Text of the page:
Because I'm the only one who even thinks about coffee (not the only one who thinks differently about the fragility of the pot) in the house, it's a similar sort of despair that I'm trying to intercept, assist others in avoiding.  Interventional dish-washing, as I think of it.  Was I the one who broke the pot as a kid?  Could it have been me?  Doesn't even matter.  That it's implicated in my action--in my everyday way of living--presents me with an odd quandary, and I'm not sure, even connecting it up with Bemis, that I'm any closer to feeling differently about it.

Coffee Enough At Last

Henry Bemis, now just a part of a smashed landscape, just a piece of the rubble, just a fragment of what man has deeded to himself.

Wednesday, May 25, 2005

Televitensity

I don't blog too often about television events, but tonight.  Tonight!  I've been resting up all day (avoiding strenuous activity, I mean) because I'm going to be watching four hours of television in two hours later on.  An exhausting prospect.  Pistons vs. Heat (a must-win for Miami), at 8:00 p.m. and the two-hour season finale of Lost at 8:00 p.m (wallpaper...heh).  That's a mountain-heap of good television airing in a short while.  Too good to flip back and forth.  The coincidence of tonight's programming is monumental enough to re-arrange furniture and position a second TV for simultaneous viewing.  So that's what I'll be doing.  Feels like I've been gearing up for it all day.

Purchase

Scrape 1.05

Tuesday, May 24, 2005

Primp My Blog

I came close to switching to Wordpress.  Then I came close to upgrading to MT 3.latest.  Finally, I decided just to work with what I had.  So I tuned the style sheets, lifted a bit of java from cgbvb (indebted!), and roughly finished the annual blog do-over.  A few rough spots remain, but I'm generally satisfied. I wanted something just a bit tidier. The most significant change for me is the three-column style--a switch I'd been considering for quite some time.  After too many failures managing the re-design exclusively through CSS (which I've only ever learned by tinkering; you'll see pure hack-job if you have a look at it), I went ahead and dropped the MT tags into a simple table.  I know it's an acknowledgment of limited skills, but instead I'll attribute it to ambivalence in case there are any HTML purists lurking.

I paused from flipping channels this weekend to look at MTV's "Pimp My Ride."  If you don't know the program, well, each episode basically features a full-scale vehicle overhaul.  A high-end body shop in California takes a well-worn jalopy and juices it into a set of wheels with more kick, more bass, more glimmer.  So I was thinking it'd be nifty is somebody would come along and offer to spruce up my blog (re-design it for 800x600 viewing, if nothing else).  But no such thing happened.

Next up, more attention to colors (why reddish?), considering deleting out some of the crap still lingering in the side columns, and weeding out the idle blogs from the blogroll. 

Monday, May 23, 2005

Bellwether

Over the weekend I finished up Connie Willis' 1996 novel Bellwether.  It was the between-semesters pleasure-read I made space for.  I overheard C. and M. chatting about it one day this spring; decided it'd be worth a quick read if it made both of their lists. And so reading lists spread.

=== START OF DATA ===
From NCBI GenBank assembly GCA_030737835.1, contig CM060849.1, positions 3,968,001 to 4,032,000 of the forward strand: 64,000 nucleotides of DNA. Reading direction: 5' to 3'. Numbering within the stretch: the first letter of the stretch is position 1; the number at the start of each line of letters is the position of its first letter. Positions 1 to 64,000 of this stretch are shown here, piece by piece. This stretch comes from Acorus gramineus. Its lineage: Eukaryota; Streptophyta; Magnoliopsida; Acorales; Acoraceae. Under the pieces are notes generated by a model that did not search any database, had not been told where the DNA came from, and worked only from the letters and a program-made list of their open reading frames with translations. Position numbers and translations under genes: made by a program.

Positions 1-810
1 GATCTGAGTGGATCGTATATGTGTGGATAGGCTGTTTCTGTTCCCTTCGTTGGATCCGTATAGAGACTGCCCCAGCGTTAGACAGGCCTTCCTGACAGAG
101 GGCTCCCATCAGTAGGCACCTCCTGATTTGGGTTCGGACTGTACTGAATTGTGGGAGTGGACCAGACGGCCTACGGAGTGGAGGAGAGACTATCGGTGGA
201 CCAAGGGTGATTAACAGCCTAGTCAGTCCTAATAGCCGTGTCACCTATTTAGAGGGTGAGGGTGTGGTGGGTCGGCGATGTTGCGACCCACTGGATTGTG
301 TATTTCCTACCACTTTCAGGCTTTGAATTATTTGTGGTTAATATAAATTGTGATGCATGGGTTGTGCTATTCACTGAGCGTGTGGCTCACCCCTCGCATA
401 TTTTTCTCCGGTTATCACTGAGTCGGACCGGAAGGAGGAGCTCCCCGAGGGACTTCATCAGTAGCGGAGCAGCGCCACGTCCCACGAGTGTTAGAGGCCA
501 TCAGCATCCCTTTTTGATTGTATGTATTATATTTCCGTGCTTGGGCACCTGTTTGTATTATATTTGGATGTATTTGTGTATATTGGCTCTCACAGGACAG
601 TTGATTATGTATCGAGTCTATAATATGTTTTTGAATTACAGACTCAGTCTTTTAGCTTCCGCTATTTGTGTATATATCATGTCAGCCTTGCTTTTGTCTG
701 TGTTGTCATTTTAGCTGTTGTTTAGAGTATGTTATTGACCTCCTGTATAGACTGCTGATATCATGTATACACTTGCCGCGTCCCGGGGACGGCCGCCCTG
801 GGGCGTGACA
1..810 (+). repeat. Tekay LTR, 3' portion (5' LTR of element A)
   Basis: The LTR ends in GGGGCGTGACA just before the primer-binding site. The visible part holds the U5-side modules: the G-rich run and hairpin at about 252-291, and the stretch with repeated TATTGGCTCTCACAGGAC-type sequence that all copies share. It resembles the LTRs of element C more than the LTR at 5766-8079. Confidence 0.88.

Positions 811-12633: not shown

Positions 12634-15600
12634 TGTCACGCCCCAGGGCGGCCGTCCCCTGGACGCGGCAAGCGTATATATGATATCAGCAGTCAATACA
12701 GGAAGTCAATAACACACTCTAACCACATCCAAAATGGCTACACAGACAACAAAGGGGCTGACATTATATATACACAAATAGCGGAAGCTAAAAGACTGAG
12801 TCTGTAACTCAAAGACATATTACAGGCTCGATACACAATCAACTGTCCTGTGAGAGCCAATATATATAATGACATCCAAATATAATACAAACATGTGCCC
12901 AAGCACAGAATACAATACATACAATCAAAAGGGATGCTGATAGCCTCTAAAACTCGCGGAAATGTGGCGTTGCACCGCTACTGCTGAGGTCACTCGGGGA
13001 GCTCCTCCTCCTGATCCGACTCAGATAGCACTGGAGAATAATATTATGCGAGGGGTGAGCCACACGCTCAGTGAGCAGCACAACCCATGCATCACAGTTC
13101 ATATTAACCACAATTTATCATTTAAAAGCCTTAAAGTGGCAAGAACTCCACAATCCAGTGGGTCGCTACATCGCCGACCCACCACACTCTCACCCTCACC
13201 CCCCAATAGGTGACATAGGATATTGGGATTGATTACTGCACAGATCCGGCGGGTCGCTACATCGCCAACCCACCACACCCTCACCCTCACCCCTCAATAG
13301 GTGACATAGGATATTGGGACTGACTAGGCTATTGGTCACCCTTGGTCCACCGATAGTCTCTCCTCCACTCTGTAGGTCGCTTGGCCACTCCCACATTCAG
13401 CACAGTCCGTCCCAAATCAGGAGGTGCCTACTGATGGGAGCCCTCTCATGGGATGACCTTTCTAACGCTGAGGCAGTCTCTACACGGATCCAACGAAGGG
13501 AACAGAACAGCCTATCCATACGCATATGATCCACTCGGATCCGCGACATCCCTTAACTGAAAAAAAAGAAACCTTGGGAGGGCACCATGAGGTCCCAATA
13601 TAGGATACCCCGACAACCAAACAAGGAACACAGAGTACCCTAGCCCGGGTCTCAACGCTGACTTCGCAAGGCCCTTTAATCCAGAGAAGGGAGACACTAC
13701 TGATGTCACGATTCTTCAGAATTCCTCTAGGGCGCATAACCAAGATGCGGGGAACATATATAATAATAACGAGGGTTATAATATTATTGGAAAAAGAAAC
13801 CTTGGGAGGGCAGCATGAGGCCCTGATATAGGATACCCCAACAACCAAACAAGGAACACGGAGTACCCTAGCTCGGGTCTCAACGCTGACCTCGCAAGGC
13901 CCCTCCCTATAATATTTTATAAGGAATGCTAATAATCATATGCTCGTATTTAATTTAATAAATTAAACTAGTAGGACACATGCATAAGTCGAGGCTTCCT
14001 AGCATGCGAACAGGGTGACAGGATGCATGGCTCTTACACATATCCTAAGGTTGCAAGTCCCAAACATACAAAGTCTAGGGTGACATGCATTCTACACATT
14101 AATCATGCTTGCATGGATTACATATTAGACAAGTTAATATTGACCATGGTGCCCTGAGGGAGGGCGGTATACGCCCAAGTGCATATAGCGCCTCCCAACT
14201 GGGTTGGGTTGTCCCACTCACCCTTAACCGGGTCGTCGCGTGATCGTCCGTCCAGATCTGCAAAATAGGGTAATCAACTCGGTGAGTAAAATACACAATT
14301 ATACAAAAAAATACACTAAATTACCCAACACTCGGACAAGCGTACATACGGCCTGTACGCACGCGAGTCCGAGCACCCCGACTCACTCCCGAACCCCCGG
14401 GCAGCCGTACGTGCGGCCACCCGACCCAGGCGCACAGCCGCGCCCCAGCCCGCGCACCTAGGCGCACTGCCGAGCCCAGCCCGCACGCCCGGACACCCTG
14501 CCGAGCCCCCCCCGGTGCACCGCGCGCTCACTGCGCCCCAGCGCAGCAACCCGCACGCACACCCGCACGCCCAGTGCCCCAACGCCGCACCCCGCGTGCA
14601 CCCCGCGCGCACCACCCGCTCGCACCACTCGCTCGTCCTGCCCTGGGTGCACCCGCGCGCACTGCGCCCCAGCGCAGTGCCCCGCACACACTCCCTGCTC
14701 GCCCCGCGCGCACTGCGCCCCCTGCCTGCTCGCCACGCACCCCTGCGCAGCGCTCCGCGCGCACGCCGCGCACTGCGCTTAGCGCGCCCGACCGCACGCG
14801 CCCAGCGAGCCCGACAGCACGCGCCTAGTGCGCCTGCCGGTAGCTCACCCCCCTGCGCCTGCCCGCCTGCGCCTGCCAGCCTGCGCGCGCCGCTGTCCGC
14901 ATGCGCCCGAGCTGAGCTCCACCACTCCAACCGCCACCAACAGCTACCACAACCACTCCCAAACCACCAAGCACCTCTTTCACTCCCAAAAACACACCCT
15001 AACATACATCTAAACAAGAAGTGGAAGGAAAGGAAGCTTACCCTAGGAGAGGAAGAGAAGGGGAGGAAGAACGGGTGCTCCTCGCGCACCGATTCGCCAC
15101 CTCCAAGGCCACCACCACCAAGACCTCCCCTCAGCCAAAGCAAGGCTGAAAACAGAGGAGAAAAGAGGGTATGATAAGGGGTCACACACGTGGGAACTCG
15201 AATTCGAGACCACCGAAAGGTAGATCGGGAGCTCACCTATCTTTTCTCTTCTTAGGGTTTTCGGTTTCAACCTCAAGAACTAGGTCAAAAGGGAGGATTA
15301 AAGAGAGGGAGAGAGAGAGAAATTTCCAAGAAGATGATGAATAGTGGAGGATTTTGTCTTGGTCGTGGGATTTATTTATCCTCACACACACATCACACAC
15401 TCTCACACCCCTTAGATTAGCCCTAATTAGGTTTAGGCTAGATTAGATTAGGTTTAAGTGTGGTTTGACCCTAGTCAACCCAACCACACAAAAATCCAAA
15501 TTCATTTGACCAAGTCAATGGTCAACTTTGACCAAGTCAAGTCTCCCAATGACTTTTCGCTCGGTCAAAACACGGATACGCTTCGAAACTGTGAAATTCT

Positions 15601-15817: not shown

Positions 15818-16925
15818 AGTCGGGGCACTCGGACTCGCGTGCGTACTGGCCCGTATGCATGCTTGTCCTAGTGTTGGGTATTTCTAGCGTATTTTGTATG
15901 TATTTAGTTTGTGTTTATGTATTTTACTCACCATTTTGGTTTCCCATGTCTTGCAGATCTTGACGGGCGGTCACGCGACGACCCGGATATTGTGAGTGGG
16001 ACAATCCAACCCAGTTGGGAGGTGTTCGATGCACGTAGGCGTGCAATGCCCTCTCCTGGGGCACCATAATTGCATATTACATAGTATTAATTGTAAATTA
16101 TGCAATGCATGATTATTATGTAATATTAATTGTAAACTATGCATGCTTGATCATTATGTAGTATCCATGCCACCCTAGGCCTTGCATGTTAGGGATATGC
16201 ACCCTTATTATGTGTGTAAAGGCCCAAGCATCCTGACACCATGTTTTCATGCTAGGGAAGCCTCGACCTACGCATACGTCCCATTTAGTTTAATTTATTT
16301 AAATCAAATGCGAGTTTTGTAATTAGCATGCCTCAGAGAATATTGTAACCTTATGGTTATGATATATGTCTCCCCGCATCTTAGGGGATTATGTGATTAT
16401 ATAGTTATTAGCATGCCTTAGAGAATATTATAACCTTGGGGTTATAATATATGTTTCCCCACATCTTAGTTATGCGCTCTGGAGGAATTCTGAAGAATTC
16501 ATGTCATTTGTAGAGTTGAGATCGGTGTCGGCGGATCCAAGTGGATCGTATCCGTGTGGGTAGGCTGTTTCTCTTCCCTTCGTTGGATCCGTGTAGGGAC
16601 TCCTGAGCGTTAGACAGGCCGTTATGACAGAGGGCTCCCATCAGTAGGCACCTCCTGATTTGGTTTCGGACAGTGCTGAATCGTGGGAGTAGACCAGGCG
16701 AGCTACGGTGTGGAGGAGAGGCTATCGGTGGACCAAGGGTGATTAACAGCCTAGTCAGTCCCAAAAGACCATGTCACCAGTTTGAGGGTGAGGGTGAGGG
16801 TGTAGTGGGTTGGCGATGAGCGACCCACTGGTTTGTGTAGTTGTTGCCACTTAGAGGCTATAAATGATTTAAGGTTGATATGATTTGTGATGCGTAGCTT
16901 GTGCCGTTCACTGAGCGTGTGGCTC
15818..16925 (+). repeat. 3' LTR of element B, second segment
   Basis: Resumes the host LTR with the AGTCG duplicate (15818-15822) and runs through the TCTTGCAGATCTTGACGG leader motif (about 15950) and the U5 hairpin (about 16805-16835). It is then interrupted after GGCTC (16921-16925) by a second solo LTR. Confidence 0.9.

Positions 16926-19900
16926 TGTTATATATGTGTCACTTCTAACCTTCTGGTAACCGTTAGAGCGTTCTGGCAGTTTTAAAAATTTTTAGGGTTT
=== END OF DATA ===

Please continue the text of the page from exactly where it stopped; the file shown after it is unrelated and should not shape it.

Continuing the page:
Basically, Bellwether is the story of a diffusion researcher, Sandra Foster, and her work on fads.  Foster is concerned with hair-bobbing and, as well, with other inexplicable flare-ups of activity.  She maps the  flashes of pop anomaly in space and time, works to discern the forces figuring into the genesis and spread of fads, runs statistics to trace patterns and trends.   Each sub-chapter leads off  with a blurb on a specific fad--coonskin caps, mah-jongg, diorama wigs--and the narrative is laced with allusions to Robert Browning's Pied Piper and Pippa Passes.  I was familiar enough with the Pied Piper of Hamelin; in fact, reading Bellwether reminded me of an encounter with P.P. when I was young: Mom had a hair appointment in Rosebush and it was the only kids book (only one I remember, anyway) in the waiting area.  Read and read and read that story.  The references to Pippa Passes were unfamiliar and something of a pleasant surprise.  Pippa, as framed second-hand in the novel, is an elusive, fantastic figure--one who influences others from the obscure periphery, whose passing song carries from a distance and leaves its mark without Pippa full-knowing.  In this sense, Pippa mirrors the annoying office assistant, Flip, who unwittingly proliferates fads while fumbling through her duties as an office assistant at HiTek, the lab where Foster works.  And a third mirroring: the bellwether itself, as an exceptional looks-like-a-sheep, smells-like-a-sheep leader who impacts the herd without much cognizance of her persuasive impact.

I don't think I've ruined it yet--for those who haven't read this one.  S. mentioned recently that she finished Doomsday Book by Willis; Bellwether is the first I've picked up, but I look forward to reading more of her stuff, perhaps during a future between-semesters break (now that my summer course on genre theory has officially started--today).